How to Become A Working Artist: 22 Tips from British Artist Emily Powell


(photo from Emily’s Instagram)

Emily Powell is an amazing artist living in Devon, England who I discovered via instagram.I’m her biggest fan.  She’s got an energetic and bright style which is infused with images of boxes + cups of tea, wild animals, stuffed toys and flowers.  She’s got an incredibly uplifting approach and I thought it would be great to share what I’ve learned from her thus far.  I’m a writer and a painter and so many of her tips apply to any creative pursuit, I hope it helps you with your art and writing too!

  1. Turquoise Sells:  After being an artist for a while, Emily noticed that her paintings with the color turquoise sold REALLY well.  It turns out that people love this color.  No matter what kind of creative person you are, if you want to have commercial success (AKA make some or your money or all of your money from it), it pays to notice what is vibing best with your people!  I’ve noticed that when I write, people respond most when I’m most vulnerable.  When I paint, it’s my bears, flowers and boundary paintings (so far!) that have sold quickly. There’s no shame in playing to your audience as long as it brings you joy to do so! 
  2. Paint Fast and Paint A Lot:  Emily seems to have amazing energy and she shared with me (in a 1:1 coaching session) that she often paints 4 or 5 canvases at once, bouncing from one painting to the next and back again.  Once I discovered that this was “permissible”, it allowed so much more energy in!  This can work with writing too!  You can start several different writing projects (or paintings)  and pursue them simultaneously.  I find this way of working allows me to keep moving.  I don’t get stuck.  If I’m not in the mood for one piece, I can work on the one that has the most snapple and crack for me in the moment.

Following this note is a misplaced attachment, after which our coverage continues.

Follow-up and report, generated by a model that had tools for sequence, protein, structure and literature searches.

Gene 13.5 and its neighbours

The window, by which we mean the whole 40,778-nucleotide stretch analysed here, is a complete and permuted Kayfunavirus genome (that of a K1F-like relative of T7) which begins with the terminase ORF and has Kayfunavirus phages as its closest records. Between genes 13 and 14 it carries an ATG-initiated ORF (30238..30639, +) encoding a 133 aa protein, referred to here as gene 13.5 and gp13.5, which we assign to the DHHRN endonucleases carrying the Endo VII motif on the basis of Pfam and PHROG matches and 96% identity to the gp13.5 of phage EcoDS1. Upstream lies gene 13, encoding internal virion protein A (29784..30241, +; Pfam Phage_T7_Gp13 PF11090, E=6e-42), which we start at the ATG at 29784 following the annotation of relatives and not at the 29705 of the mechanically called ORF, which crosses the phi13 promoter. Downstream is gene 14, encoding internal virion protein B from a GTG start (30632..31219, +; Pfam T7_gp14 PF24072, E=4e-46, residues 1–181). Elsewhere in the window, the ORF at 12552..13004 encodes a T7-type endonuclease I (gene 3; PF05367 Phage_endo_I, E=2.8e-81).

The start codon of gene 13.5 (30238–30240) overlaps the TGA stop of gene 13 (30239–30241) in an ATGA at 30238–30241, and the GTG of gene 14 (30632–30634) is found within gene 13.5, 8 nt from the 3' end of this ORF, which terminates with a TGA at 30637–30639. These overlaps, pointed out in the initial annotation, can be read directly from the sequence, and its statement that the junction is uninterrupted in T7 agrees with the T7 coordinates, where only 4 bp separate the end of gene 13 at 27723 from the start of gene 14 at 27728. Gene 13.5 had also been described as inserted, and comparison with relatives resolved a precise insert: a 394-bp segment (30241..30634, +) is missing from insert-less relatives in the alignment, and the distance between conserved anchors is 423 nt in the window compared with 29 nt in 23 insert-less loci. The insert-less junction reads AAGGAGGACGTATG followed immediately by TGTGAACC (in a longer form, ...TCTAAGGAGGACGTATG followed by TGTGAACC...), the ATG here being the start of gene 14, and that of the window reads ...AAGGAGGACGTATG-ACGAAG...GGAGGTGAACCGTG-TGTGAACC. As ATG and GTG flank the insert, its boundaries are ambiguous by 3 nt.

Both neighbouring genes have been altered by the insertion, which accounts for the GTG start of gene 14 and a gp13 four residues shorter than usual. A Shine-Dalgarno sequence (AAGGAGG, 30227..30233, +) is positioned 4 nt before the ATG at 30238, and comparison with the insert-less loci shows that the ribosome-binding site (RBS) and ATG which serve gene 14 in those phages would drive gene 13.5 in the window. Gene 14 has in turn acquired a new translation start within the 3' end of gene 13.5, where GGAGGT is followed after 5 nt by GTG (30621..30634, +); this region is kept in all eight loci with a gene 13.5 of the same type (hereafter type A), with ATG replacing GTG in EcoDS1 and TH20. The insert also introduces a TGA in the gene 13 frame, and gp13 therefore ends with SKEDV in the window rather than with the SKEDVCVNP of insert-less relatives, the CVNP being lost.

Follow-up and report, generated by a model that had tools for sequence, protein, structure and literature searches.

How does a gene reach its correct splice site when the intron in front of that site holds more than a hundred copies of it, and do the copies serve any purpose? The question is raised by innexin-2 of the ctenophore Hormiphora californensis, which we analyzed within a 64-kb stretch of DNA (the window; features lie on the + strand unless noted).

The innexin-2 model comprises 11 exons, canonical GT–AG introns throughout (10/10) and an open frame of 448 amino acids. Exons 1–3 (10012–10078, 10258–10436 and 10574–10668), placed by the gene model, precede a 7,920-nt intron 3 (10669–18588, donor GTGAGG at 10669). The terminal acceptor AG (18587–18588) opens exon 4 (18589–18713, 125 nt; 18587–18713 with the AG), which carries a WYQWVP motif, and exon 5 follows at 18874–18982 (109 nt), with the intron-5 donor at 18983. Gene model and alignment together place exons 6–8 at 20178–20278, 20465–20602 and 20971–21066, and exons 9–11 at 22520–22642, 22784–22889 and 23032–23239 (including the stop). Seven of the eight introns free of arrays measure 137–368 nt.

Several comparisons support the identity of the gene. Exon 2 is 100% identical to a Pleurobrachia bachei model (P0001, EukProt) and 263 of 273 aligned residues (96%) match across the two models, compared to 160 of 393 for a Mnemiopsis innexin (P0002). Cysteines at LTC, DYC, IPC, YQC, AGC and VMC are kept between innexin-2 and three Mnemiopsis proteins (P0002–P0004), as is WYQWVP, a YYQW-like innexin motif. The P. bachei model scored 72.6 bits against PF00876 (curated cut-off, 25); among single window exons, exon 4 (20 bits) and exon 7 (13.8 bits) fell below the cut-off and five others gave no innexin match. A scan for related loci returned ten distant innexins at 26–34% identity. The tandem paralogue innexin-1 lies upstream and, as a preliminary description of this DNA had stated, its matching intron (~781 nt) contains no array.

3. Be Happy with Your Work:  If you follow Emily you’ll notice that it’s not that she doesn’t doubt herself, sometimes, but she admonishes us to be fiercely supportive of our own work.  For me, that looks like proudly hanging my art on my walls so I can celebrate it daily.  It also looks like eagerly sharing my art and writing with the public at every chance I get.  When I “decide” to be happy with what I’ve done, something shifts inside!  Of course I don’t adore every single thing I’ve ever made…but I do have many things that delight me. 
  4. See Where Your Work Fits In:  Do research by visiting private galleries and see what stuff is selling for and how they are presenting it.  Note the style of the fames and if the work is mostly figurative or abstract.  Is it a “cool kids” Miami sort of venue or more figurative or primitive? Where would your work fit best?  Approach them!  The same thing can work for publishing houses or outlets.  Study to see where your writing would fit best for content and style. 
  5. Aim High: Submit your work to ridiculous places.  Yes, says Emily,  you’ll get a bazillion rejections but you’ll never know without putting yourself out there what is possible. When you contact a gallery send no more than three images and ask if they’d like to see more.  Even if they don’t respond, update them regularly on what your’e working on now.  Have fun with it!